They’ve been so close, the four of them. But what about now?
There’s always something different in Ella’s room, something new, something trending, but at the same time, fitting right into the design as if it had been there all along. This time, it’s a new desk chair: delicate whitewashed woodwork, a perfect match to the bookshelves that Ella’s had for years.
“Niiice,” Mimi says.
Ella gives it a careless glance. “Oh, that? Yeah, my mother ordered it the other day.”
Mimi rolls her eyes. To Ella, getting new furniture is about as mundane as changing her linen.
Shoshana spreads out her notes on the floor. She’s still acting too quiet. Mimi glances at her, at Ella, and back again.
“Going to get us some refreshments,” Ella says, jumping to her feet. The clatter of footsteps echoes behind her.
“Totally awkward,” Shoshana mutters in Mimi’s direction.
Mimi shrugs. She’s not going to agree, make Shoshana feel even more out of place. But she can’t exactly lie, either.
“How many pages of notes d’ya have?” she asks instead. “I have four pages, but most of it is blank spaces where I missed stuff, and the rest doesn’t make any sense.”
Shoshana flicks through her notes. “Nine and a half. Shouldn’t take us too long.”
“All night, you mean?”
“That depends how much we actually study.”
“Ha ha.” Mimi flops down on her side, runs her hand over the soft carpeting. Something flutters in her chest. Nine and half pages of Shoshana’s small, neat handwriting… that’s a lot. It’s gonna take them a long time. They might not even finish.
Ella’s back, balancing a jug of pastel pink smoothie and a huge bag of plantain chips. Good; food is always a distraction.
“Started without me?” she asks Shoshana, staring at the notes.
“Nope, just figuring out how many pages we’ve gotta get through,” Mimi says, after a long pause.
“So, what’s the verdict?”
“Too much,” Mimi says, closing her eyes. “Maybe I’ll just go to sleep till the test is over.”
“Heey… no you don’t,” Ella pokes her playfully. “Any of you know where Tzippy is? She’s late.”
Shoshana shrugs. Mimi shakes her head. “Thought she’d be here already.”
“I know, me too.” Ella frowns at the phone. “Should I call her? Or—”
The phone jangles noisily in response. Ella dives for it, gives the others a triumphant look. “It’s Tzippy,” she says as she answers.
“All of us. You’re on speaker, we wanna know wheeeeeerrre you aaaaaaaaaaarrrre,” Ella sings. “Because you’re late, late, late…”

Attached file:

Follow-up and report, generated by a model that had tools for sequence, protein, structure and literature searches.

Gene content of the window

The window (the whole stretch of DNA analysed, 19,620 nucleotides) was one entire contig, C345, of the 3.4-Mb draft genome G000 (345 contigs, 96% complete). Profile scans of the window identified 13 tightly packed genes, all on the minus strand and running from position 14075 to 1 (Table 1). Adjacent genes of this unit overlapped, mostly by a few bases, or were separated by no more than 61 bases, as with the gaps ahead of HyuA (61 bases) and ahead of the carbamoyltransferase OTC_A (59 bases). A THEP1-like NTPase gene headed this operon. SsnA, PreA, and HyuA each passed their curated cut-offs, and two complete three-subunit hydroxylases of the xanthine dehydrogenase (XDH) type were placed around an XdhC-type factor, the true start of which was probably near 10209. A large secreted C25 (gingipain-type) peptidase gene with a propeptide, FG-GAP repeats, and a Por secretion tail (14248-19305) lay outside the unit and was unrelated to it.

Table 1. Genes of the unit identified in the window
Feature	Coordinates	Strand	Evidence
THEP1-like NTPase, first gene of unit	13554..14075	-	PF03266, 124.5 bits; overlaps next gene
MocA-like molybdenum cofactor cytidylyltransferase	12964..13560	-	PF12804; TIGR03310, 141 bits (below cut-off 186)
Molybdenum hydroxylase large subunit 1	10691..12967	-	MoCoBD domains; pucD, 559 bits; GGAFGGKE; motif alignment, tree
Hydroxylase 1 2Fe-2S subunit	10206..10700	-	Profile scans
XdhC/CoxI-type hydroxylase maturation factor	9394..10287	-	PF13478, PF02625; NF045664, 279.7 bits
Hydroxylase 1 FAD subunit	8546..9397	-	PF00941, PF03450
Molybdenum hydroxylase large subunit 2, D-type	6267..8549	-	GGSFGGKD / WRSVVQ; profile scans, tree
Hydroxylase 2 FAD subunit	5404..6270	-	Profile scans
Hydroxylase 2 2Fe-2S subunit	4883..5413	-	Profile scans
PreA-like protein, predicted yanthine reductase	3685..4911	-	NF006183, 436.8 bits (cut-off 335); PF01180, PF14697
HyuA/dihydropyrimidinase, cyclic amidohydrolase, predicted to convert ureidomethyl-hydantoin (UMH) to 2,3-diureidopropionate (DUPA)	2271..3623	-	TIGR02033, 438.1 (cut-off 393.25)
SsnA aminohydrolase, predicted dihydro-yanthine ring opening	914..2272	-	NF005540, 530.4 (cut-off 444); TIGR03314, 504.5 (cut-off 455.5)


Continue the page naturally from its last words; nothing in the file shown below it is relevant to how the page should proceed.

“Oh dear, did I interrupt the choir practice?” Tzippy asks. There’s a grin in her voice, and Mimi feels her tense muscles loosen. Tzippy’s great; she’s exactly what they need here. Someone to lighten the atmosphere, get them back on track. Back to how they’ve always been. Come on Tzippy, tell us you’re coming in five.
“Sooo… I’m really sorry, but I can’t come in the end,” Tzippy says. Her voice sounds anything but sorry. Ella starts to frown, but then Tzippy goes on. “You know my cousin Sima? The one who’s almost 30? Weeeellll… don’t tell anyone, but she’s getting engaged tonight! So we’re all packing into the car to drive to Monsey for the l’chayim!”
“Aaaaaahhh!” Ella squeals. “Omigosh, no way, so cute, who to?”
Mimi cheers softly. They all know Tzippy cousin Sima; she’s been on the head staff at camp for the past hundred years. Hilarious, spunky, and super friendly, this is going to be one epic engagement.
“Can’t say till it’s official,” Tzippy says. “Listen, guys, my mother didn’t even want me to tell you this, but obvs, I couldn’t just let you down without explaining. So keep it quiet till I give you a buzz that it’s official, will you?”
“Sure thing,” Ella says.
“Hey, we’re gonna be stuck in here studying all night, don’t forget. Who’s there to tell, Juanita?” Mimi puts in.
Tzippy giggles. “I know, I know, but I had to tell you that. Listen, I’m going, enjoy studying! Don’t miss me too much!”
“Such nice news,” Mimi breathes into the silence. Ella nods.
For a moment, the three of them sit together in the moment.
Then Shoshana makes a move toward her notes: sudden, stiff, uncomfortable. “I think we should start studying,” she says pointedly.
Later, much later, when she’s finally alone, Mimi sits up in her bed, hugging her knees and thinking about the four of them.
Elementary school, when they’d banded up as a tight foursome and spent recess playing whatever was the latest craze: jump rope, or trading collections, or tag. Summers in camp, lounging by the pool or under trees, with that comfortable familiar feeling of always having someone to fall back on. The transition to high school, picking out desks at the back together each year, studying parties, sharing notes, sharing lunch, sharing secrets. The shopping sprees, the birthday surprises, the shakes and waffles and sushi jaunts.
Her throat constricts.
They’ve been so close, the four of them. But what about now? Everything feels shaky, off-kilter, not the same anymore. Will they withstand this, come close again, or is this the beginning of the end? Can their little group handle more pressure, more separation? What about the way Kayla’s constantly trying to hang out with them at recess? And when they get up to 12th grade, and then seminary? Life?
It hurts to swallow.
But it hurts more to admit that she has no idea what will happen to their friendship.
And that nothing in her life feels permanent anymore.
to be continued…
(Originally featured in Mishpacha Jr., Issue 910)
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